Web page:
by Ramzy Baroud
It was the moment many had been waiting for. On Jan. 2, Palestine’s United Nations envoy, Riyad Mansour formally requested membership at the International Criminal Court (ICC).
“We are seeking justice for all the victims that have been killed by Israel, the occupying power,” he said.
There was no explanation why Palestine’s membership of the Rome Statue (through which the ICC is governed) was delayed in the first place; of why no justice was ever sought for thousands of victims in Gaza, and many in the West Bank and Jerusalem, although such membership would have been granted much earlier.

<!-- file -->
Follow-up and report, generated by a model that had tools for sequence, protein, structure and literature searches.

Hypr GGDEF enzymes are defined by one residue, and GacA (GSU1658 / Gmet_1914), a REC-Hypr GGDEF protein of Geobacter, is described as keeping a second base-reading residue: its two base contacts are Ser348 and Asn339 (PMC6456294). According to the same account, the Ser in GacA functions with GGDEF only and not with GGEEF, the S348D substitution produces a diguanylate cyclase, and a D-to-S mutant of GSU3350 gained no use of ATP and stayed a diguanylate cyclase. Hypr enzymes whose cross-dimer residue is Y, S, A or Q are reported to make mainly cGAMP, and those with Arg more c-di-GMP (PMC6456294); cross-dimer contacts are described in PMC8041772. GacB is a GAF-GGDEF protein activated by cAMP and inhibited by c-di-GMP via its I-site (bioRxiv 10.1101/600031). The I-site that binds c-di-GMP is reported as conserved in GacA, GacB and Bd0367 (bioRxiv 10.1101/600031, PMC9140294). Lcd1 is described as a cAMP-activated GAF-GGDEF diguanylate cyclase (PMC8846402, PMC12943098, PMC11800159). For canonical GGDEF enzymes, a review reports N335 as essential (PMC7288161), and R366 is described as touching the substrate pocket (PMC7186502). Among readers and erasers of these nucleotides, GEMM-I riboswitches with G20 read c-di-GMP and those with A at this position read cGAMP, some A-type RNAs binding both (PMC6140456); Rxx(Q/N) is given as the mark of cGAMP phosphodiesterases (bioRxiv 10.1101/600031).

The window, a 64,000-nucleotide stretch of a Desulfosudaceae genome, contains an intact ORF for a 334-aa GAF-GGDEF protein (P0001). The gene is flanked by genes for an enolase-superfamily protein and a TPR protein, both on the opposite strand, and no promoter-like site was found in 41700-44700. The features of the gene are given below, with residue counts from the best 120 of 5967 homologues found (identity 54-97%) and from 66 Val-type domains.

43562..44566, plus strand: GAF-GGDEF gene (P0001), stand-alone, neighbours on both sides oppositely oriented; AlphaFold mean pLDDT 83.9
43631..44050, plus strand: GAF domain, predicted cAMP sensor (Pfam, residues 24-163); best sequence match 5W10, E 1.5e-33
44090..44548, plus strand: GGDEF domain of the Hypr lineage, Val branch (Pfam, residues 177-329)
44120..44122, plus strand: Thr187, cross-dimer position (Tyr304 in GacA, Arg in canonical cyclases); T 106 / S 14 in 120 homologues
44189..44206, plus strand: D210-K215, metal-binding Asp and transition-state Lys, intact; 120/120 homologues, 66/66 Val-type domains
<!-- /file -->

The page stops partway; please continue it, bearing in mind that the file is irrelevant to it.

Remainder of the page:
In fact, in 2012, Palestine’s status at the UN was upgraded, from an observer entity to an “observer state”. The move was largely symbolic, since it was an attempt at breathing life in the two-state-solution, which was long dead. But it had one single practical benefit – the coveted membership at the ICC. Finally, Israel could be held accountable for its war crimes; finally, a measure of justice was possible.